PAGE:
Co-curated by Christopher Schneberger and Stephanie Taiber, "Shadow Fixation" is on view at Perspective Gallery in Evanston until January 28, 2017.
Light sensitive materials – film and paper – can grasp and hold the shadow. They can be transparent windows to transport the viewer through the photographer’s lens and to a scene. Most photography is exactly this. The mat and glass, the surface of the paper, are not meant to be noticed but rather to be portals and panes, as unnoticed as possible. Yet these things are materials after all, and some photographic artists have dared to make the viewer aware of them, as if deliberately smearing or breaking the window, or putting the window on a pedestal all by itself. In the late 1980s, Mike and Doug Starn intentionally creased, scratched, and taped their prints together, forming multi-tychs in which a single image might span across dozens of small prints. This newly divided view thus made the window as important as the vista.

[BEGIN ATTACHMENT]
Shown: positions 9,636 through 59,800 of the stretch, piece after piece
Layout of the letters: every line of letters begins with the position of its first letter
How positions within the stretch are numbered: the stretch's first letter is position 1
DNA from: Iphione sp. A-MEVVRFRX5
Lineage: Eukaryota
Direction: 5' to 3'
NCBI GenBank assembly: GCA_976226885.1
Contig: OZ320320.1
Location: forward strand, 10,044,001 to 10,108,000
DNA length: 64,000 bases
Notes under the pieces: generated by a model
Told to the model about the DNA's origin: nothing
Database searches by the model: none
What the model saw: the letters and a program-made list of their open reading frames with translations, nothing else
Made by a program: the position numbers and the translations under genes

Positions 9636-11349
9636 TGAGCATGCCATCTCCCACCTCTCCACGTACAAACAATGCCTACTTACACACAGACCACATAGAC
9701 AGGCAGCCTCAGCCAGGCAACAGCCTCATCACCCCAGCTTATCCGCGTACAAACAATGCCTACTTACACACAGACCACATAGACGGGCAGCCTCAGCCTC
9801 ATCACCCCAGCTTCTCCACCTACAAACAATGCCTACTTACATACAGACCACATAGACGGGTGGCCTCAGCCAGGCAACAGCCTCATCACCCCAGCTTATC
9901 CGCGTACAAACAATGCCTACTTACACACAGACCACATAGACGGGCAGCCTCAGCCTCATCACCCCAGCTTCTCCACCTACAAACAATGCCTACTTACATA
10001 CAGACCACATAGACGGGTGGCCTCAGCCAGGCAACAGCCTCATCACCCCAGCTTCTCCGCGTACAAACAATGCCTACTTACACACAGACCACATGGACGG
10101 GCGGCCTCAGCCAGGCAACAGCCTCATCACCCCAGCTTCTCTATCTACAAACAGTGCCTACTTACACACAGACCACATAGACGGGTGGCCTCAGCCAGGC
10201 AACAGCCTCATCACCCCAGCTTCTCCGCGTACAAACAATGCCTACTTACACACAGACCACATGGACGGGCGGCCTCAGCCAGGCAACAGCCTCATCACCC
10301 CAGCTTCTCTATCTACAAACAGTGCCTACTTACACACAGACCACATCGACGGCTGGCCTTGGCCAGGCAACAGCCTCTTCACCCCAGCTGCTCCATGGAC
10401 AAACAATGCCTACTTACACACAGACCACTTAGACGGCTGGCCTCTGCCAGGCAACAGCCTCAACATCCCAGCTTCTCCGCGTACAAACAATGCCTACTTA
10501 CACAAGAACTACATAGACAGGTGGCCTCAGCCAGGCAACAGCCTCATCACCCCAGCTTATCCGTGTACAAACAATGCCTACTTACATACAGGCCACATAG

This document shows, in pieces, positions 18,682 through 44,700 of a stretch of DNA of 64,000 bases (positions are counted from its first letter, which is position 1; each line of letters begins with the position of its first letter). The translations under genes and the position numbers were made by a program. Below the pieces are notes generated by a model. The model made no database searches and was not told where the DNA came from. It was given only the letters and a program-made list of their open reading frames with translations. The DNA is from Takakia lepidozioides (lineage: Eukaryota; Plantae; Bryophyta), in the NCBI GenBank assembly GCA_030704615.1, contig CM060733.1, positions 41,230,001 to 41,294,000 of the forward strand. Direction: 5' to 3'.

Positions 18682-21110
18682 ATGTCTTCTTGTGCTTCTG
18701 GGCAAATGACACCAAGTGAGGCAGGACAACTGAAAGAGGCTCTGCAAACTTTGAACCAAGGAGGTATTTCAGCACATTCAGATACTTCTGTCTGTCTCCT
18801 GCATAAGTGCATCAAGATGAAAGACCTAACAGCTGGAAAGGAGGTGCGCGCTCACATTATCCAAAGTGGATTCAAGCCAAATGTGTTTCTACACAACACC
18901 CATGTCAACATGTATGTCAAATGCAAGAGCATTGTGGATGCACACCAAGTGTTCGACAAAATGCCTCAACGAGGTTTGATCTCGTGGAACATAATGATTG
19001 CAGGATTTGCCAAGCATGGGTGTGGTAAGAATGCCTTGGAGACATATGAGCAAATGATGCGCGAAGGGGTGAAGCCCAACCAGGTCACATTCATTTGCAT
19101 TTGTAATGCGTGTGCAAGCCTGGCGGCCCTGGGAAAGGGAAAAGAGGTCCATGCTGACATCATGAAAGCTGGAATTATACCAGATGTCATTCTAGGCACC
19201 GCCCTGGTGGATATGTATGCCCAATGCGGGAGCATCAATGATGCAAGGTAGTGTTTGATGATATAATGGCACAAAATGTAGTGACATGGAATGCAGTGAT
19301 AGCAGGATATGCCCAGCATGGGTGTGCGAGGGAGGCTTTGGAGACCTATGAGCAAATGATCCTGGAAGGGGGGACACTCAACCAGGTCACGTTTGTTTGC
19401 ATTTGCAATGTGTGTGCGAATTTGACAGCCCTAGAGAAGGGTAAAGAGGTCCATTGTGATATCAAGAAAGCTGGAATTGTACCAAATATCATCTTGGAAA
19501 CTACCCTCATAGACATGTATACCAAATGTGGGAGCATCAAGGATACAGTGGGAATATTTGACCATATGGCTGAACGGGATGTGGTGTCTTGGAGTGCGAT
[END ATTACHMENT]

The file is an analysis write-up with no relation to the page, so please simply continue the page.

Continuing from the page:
This exhibition showcases the work of five artists who further challenge and deconstruct the medium and its materials. Doug Fogelson makes images of cameras, but not by photographing with any camera. They are color photograms which record the shadows and contours of vintage cameras set below the enlarger in the darkroom. Julie Weber addresses the transitory nature of the light sensitive material by allowing the photo paper, exposed prior to or during the exhibition, to slowly reveal and wash away the latent unfixed image. Jaclyn Wright takes 4x5” film holders, generally meant to protect film from light, and artfully ruins their intended function with laser cuts that produce overlapping patterns and tonalities. Juan Fernandez also uses the form of the photogram (exposure of paper with white light and no negative) to depict three dimensional objects like icosahedrons with the precision of a draftsman and the texture of an intaglio print. And Elina Ruka, through the gestures of curling, warping, overlapping, and cascading film transparencies, contemplates the ever-changing nature of water and the malleability of image - its form and meaning.
With these approaches, the artists question the very processes and substrates of the photographic medium. They make the window a part of the view.
I'm showing a new piece "All the Waves Belong to the Sea", 2017 and "Uncontainable Compromises", 2016.